In The News, Op-Eds, Presidential Elections

Super Tuesday Reflections

Published in The Hill, March 7, 2012

The voters spoke in 10 states, and former Massachusetts Gov. Mitt Romney is likely to be the Republican nominee. However, he will not wrap up the race anytime soon. And he’s going to have a very difficult time winning over the skeptical voters he needs for victory in November.

Gov. Romney, now the presumed front-runner, took six of the 10 contests on Super Tuesday. The result was a harvest of nearly 200 delegates, giving him roughly 400 overall—including Republican National Committee members who have endorsed him. But he remains far short of the 1,144 needed for the nomination. With Rick Santorum and Newt Gingrich both winning races and even Ron Paul coming close in Virginia, Romney gained little momentum for this dreadful, never-ending slog across the nation.

The result exposes Romney’s extreme weakness in facing the president in the fall. States like Ohio and Virginia are direct routes to the White House. Ohio is an industrial bastion, home to the white working class that long resisted President Obama’s charms. Yet on Super Tuesday, Romney eked out a bare plurality, 38 percent to 37, over Santorum after out-spending the latter 4 to 1.

Virginia is a diverse state: moderate conservative, upper South, a mixture of minorities, government employees, libertarians and traditionalists. Romney won a less than impressive 59 percent in a two-man race against Paul. The latter continues to draw support from groups like the young while Romney, so far, has done and said little to win their support in November.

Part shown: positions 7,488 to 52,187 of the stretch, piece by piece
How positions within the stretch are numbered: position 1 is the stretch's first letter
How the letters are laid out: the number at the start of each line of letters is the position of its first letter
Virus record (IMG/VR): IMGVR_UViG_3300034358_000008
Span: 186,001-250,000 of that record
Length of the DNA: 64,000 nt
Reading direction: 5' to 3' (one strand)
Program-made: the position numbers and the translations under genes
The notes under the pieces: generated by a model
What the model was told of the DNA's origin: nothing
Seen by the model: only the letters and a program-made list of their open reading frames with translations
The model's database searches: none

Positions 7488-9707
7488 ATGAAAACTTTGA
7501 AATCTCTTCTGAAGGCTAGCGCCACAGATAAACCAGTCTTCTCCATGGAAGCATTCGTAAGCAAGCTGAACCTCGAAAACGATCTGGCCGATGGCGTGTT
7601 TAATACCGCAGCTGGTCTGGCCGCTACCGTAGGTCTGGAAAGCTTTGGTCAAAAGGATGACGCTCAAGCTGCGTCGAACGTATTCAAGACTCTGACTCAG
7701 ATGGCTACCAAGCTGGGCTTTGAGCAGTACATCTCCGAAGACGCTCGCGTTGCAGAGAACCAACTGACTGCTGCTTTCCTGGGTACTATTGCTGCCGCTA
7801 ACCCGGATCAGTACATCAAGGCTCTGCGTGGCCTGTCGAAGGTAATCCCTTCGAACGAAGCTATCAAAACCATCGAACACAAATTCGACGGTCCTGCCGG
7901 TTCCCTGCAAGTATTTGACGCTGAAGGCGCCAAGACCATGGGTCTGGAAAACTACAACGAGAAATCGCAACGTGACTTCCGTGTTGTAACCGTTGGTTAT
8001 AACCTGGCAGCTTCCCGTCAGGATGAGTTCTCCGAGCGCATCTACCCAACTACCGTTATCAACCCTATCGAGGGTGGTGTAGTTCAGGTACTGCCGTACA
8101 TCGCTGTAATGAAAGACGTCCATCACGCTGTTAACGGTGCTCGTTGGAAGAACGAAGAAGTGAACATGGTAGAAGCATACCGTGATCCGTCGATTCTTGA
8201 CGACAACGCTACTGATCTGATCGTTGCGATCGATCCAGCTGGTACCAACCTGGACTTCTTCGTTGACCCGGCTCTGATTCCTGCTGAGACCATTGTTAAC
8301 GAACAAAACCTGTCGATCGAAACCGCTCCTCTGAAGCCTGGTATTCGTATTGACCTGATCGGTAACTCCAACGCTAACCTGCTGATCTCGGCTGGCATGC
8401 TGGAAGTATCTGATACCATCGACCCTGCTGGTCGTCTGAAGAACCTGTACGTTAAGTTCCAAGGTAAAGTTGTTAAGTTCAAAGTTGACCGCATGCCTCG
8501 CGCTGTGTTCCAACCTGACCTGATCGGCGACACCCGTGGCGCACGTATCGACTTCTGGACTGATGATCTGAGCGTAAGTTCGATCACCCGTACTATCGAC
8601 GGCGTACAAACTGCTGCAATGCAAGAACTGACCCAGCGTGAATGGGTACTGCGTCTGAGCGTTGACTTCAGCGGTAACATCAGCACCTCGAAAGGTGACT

Victory then quite clearly depends on putting together a broad electoral coalition. While Romney continues to win contests in the Midwest and Northeast, he had a much harder time in the South, where he lost both Georgia and Tennessee and gained an anemic win in Virginia. There are three more Southern states — Alabama, Louisiana and Mississippi — to come in March.

Demographics highlight Romney’s problem. In November, the president is likely to win more votes from African-Americans, women, Latinos, young people and the highly educated.

The issue now is whether Romney will be able to expand his base beyond the fiscal conservatives and foreign policy hawks who now support him. Can Romney beguile Tea Party activists, evangelicals, cultural conservatives, white working-class males and libertarians? So far none of these groups is sold on his candidacy.

Romney needs to find a message that will encourage the latter groups to turn out for him in November. He must demonstrate a philosophical backbone and convince them that his convictions are their convictions. He also needs to show that he understands the concerns of NASCAR fans as well as owners and corporate executives.

Romney needs to essentially start over. He needs a positive agenda of real change. For instance, government should be smarter as well as smaller. Romney should reach out to young people, African-Americans, Latinos, immigrants and women, none of whom typically feel especially welcome in the Republican Party.

Arguably, only Romney has a plausible path to winning a majority of the delegates before the convention in August. However, much could go wrong. If he falters, the doors would open for anyone seeking to take advantage of a delegate deadlock. The biggest smile after Super Tuesday likely belongs to Barack Obama.

Michelle D. Bernard is the president and CEO of the Bernard Center for Women, Politics & Public Policy.

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